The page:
(In my last post I introduced the idea of regularly posting research material in this blog as a way to bridge the gap between researchers and practitioners. Some people kindly replied to my call for feedback and the general feeling seems to be like: “cool go on! rock it! Even if I am definitely not a veteran of infovis research (far from it) I started reading my first papers around the year 2000 and since then I’ve never stopped. come from the very early days of infovisare foundationalare cited over and overI like a lot Of course this doesn’t mean these are the only ones you should read if you want to dig into this matter. Advice: in order to really appreciate them you have to think they have all been written during the ’90s (some even in the ’80s!). Graphical Perception: Theory, Experimentation, and Application to the Development of Graphical Methods. Please don’t tell me you don’t know this one! What’s in it? The Structure of the Information Visualization Design Space. What’s in it?
Related: Visual information resources
Data StoriesI have a goal in life: To rid the world of bad PowerPoint slides. We’ve all sat through meetings, struggling to stay awake during presentations filled with cheesy stock images, confusing bar graphs, and pie chart after pie chart. This needn’t be so. At Google, I teach everyone from marketers to engineers some basic principles of data visualization that help them turn numbers into compelling visual stories. Presenting data creatively can make numbers seem more human and turn statistics into stories. Here are a few of the most resonant lessons that I teach in ‘Data Visualization 101’ at Google. Don’t be Misleading Context will have an impact on how people interpret the information you’re providing. Don’t be a Data Fashion Victim Just because your software has plenty of bells and whistles doesn’t mean they all have to be used. “Just because your software has plenty of bells and whistles doesn’t mean they all have to be used.” Highlight what’s Important Simple Beats Sexy Use Color Strategically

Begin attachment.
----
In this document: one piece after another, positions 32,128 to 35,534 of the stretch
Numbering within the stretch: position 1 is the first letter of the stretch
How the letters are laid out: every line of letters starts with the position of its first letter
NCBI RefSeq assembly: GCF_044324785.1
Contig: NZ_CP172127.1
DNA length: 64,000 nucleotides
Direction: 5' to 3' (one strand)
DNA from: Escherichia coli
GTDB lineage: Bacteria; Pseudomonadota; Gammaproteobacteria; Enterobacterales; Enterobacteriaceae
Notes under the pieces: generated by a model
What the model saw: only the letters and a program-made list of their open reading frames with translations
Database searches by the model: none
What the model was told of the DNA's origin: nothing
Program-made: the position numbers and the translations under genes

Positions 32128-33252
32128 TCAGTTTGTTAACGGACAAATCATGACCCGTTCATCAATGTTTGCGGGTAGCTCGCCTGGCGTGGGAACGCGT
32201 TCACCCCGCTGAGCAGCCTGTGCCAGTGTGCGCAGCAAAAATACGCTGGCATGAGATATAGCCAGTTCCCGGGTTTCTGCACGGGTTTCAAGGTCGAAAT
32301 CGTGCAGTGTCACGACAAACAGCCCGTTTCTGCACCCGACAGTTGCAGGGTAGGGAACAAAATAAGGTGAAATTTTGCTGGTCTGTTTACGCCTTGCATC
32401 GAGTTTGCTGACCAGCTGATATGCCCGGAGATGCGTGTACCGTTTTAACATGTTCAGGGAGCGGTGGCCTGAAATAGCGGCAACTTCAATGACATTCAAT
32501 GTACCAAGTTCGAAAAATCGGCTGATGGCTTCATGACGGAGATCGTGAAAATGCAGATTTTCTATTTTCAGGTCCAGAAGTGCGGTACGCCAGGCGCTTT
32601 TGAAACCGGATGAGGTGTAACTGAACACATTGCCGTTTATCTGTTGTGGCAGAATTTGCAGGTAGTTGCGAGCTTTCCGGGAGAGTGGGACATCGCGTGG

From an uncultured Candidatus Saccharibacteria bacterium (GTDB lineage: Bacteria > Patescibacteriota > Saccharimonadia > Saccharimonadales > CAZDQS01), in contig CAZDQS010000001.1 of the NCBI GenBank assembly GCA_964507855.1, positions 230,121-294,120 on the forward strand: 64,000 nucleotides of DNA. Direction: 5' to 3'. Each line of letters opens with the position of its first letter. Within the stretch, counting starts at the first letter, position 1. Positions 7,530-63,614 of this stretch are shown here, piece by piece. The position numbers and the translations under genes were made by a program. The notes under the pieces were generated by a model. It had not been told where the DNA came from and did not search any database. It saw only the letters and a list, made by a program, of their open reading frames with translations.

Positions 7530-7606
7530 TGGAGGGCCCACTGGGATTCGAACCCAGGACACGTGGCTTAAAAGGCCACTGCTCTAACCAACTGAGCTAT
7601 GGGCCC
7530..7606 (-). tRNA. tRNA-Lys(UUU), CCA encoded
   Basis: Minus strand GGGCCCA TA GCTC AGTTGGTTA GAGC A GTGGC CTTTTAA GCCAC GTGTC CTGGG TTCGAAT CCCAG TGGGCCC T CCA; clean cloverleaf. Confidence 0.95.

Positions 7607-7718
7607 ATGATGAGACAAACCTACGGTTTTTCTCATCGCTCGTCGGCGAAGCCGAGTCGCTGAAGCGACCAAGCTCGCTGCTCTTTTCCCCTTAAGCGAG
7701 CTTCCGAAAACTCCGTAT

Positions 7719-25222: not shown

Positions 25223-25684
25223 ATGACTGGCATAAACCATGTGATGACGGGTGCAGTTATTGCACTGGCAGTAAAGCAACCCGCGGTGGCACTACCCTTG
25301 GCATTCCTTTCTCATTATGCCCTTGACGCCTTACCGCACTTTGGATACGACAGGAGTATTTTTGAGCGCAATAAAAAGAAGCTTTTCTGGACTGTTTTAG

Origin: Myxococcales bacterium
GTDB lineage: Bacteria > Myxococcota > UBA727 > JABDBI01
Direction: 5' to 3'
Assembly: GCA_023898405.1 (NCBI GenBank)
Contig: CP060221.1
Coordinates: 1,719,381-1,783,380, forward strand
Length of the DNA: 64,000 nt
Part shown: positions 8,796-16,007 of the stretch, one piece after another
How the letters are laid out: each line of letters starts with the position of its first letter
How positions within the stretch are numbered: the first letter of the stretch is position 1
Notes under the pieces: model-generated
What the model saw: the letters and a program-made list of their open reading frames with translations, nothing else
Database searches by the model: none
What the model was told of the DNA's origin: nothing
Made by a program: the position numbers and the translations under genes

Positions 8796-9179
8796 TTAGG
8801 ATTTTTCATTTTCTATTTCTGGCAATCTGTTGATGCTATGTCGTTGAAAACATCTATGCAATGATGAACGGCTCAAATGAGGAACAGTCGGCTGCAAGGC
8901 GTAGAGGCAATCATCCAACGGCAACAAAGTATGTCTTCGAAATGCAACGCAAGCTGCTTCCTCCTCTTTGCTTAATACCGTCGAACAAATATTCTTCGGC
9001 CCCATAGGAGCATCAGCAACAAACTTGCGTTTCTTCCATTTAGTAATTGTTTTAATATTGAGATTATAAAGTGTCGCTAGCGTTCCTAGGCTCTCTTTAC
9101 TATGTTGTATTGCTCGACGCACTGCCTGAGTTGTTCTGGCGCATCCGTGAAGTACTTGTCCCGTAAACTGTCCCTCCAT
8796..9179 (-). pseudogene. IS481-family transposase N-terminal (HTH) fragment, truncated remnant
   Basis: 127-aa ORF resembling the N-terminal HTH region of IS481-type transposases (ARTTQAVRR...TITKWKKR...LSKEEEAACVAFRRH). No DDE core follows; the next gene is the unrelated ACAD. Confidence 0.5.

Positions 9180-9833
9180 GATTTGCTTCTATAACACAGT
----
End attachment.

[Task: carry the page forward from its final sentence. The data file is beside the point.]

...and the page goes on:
An Illustrated Tour of the Pie Chart Study Results – eagereyesIn two papers, Drew Skau and I recently showed that our idea of how we read pie charts is wrong, that donut charts are no worse than pie charts, and a few more things. Here is a detailed walk-through of the results of the three studies we conducted for this purpose. Let’s go on a little journey through some real data and do a little science together! For my talk at Information+, I redid the figures we had used in the EuroVis pie chart papers, both for the papers themselves and for the presentations. The result is much clearer, I think. I figured I’d share them here since they give a nice walk-through of the study results using the real data, but without too much detail. How the Charts Work What I’m about to show are the results of three studies, each of which had about 80–100 participants who each answered about 60 questions (for details see the papers). The charts are all based on the difference between what people thought they were seeing and what we were showing them – called error.